The defendant had an insurance policy through American Heartland Insurance Company. State Farm sued the defendant as a subrogee.  It settled the case for one half the payments it made, $5,383.10.  It settled the med pay portion for $2,500 and the property damage portion for $2,883.10

Not only did State Farm sue the defendant, Plaintiff sued defendant too. After a trial a jury returned a verdict for $5,395 for medical expenses, $0 for pain and suffering, and $0 for loss of normal life. Defendant sought an offset of the verdict for $5,000, the med pay portion of the claim that State Farm paid. The trial court denied the motion for set off partly because the plaintiff had no contractual, statutory, or common-law obligation to repay the money to State Farm. She had not sign a release and did not have her own policy through State Farm.  The trial court noted that State Farm could have made her sign a release. However, it failed to do so.

The appellate court disagreed with the trial court. It discussed the application of the collateral source rule. The collateral source rule has both evidentiary and substantive components. As a rule of evidence, it prevents the jury from learning anything about the collateral source. From substantive standpoint it means the payments made to the injured party from other sources does not diminish damages otherwise recoverable. Collateral payments do not reduce defendants’ liability, even though they reduce plaintiffs’ loss.  The court noted that the defendant was not seeking a set off for the medical payments State Farm made to plaintiff. Instead, he sought set off for what American Heartland paid to settle State Farm’s subrogation action against him for the benefits State Farm paid. The defendant sought a $5000 settle set off, despite the fact that State Farm settled the med pay portion for $2,500 in the subrogation action.

The appellate court held that defendant is entitled to set off for the entire amount that State Farm paid in medical payment.  The appellate court considered the married couple as a single economic unit, because the financial interests of a husband and wife are closely intertwined, if not actually blended. The court felt that plaintiff should not be allowed a double recovery, which would have occurred had she received medical payments from the defendant and from State Farm. The defense got an entire $5000 set off, rather than the $2,500 Heartland paid State Farm for the medical.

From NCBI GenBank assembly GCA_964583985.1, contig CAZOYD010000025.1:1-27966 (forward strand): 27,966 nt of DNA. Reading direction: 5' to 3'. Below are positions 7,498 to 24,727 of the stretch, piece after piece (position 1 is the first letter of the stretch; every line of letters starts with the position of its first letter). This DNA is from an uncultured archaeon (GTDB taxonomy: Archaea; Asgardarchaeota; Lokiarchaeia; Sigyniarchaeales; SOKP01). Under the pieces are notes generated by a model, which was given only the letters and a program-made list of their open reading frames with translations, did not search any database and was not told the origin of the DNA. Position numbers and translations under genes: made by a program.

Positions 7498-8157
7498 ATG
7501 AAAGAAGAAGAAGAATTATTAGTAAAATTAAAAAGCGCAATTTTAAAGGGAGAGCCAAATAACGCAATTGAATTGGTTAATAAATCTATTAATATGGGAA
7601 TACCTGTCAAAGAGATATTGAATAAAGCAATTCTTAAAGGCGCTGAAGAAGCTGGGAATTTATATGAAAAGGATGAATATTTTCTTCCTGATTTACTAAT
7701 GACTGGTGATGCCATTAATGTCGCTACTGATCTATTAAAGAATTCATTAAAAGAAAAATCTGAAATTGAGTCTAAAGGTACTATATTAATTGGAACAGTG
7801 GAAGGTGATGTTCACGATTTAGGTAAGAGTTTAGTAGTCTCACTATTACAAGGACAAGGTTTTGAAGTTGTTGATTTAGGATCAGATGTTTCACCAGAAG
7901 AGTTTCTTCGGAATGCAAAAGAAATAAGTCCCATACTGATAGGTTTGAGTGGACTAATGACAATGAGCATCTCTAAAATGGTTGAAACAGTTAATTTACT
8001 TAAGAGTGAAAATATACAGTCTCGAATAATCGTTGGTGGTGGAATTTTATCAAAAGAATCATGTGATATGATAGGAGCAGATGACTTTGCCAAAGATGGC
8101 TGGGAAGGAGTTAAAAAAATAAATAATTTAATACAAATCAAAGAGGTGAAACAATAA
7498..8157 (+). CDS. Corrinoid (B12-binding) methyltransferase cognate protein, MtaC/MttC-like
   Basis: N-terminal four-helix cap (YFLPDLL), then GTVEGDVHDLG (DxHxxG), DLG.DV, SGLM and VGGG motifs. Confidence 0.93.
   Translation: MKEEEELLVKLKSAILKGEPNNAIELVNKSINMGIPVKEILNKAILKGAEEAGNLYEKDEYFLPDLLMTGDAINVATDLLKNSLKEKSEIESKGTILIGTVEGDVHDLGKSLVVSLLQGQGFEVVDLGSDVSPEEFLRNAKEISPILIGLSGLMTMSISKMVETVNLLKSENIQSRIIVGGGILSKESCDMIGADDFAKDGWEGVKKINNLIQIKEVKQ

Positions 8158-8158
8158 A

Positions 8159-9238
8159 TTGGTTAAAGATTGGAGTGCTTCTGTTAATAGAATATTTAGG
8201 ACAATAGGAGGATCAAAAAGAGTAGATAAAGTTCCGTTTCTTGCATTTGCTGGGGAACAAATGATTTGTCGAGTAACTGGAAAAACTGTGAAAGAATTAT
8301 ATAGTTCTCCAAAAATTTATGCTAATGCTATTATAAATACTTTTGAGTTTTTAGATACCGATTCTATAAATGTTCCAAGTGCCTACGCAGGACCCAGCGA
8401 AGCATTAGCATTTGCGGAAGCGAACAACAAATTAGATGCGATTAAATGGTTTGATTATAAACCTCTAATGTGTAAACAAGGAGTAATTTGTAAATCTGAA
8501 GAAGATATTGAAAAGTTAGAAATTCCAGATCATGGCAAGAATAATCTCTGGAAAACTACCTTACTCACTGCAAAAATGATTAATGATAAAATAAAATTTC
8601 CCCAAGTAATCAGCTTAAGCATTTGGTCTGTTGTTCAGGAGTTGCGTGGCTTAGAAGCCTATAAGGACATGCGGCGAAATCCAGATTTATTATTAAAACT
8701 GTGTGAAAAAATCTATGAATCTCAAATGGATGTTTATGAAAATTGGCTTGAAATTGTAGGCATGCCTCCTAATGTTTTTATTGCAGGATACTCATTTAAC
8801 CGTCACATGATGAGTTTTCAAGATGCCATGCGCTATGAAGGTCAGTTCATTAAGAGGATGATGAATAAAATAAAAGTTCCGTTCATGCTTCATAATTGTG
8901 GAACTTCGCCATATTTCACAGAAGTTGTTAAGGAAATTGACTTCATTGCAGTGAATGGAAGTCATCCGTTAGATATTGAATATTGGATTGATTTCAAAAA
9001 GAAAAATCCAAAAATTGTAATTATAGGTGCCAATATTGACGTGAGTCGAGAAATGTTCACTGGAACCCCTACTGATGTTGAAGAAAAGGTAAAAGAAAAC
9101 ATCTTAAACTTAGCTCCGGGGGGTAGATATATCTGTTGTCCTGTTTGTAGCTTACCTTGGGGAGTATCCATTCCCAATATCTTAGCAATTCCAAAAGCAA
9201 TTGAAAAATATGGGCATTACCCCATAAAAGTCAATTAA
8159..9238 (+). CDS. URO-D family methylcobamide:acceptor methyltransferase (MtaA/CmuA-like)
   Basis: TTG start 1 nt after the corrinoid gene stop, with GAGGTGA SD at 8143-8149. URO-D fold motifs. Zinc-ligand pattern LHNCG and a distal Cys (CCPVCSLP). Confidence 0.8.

Fraser v Jackson

 In Fraser v Jackson the defense acted badly. It refused stipulate to the admission of medical bills. The plaintiff had two open a case in Wisconsin pursuant to Wisconsin statute to enlist the services of was Wisconsin law firm to get the bills and evidence. The defense refused to produce certain documents of its hired gun expert witness including copies of records provided by attorneys to the Dr. concerning a prior case in which he was involved as an expert witness. At the last minute the defense tried to turn over that information. The court barred the testimony of the expert. There was a verdict for the plaintiff for 61,000 dollars which represent a medical expenses of 31,000 and 30,000 for pain and suffering. The defense then appealed.

On appeal the appellate court not only upheld the verdict, but impose sanctions on the defendant. The court found the appeal frivolous, and ordered the plaintiff to submit an affidavit of attorneys fees.

Alstate v Trujilo

 In Alstate v Trujilo the court distinguished between uninsured and underinsured coverage in a case with multiple tortfeasors. Allstate had issued a policy to Delgado. It provided 100/300 coverage per occurrence. Trujillo was a passenger in Allstate insured vehicle driven by Delgado. Car was involved in an accident with a vehicle insured by American access insurance. Trujillo (Passenger) settled her claim against

American access               $20,000

Delgado                               100K in liability coverage limit of the Allstate policy.

Allstate policy said it could set off

All amounts paid by or on behalf of the owner of operator or anyone else responsible, including                 amounts paid on BI coverage.

Trujillo also identified the American Access insured as Marta Zawadska. Trujillo asserted a set off in the Allstate policy. The Circuit Court granted judgment on the pleadings in favor of Allstate.

The policy read that the limits of UDIM coverage are reduced by “sums paid under the bodily injury liability coverage of this policy.” Trujillo did not contend this language it was ambiguous. However Trujillo contended this reduction violated public policy.

The appellate court held that UDIM coverage is a statutory creation. The statute provides that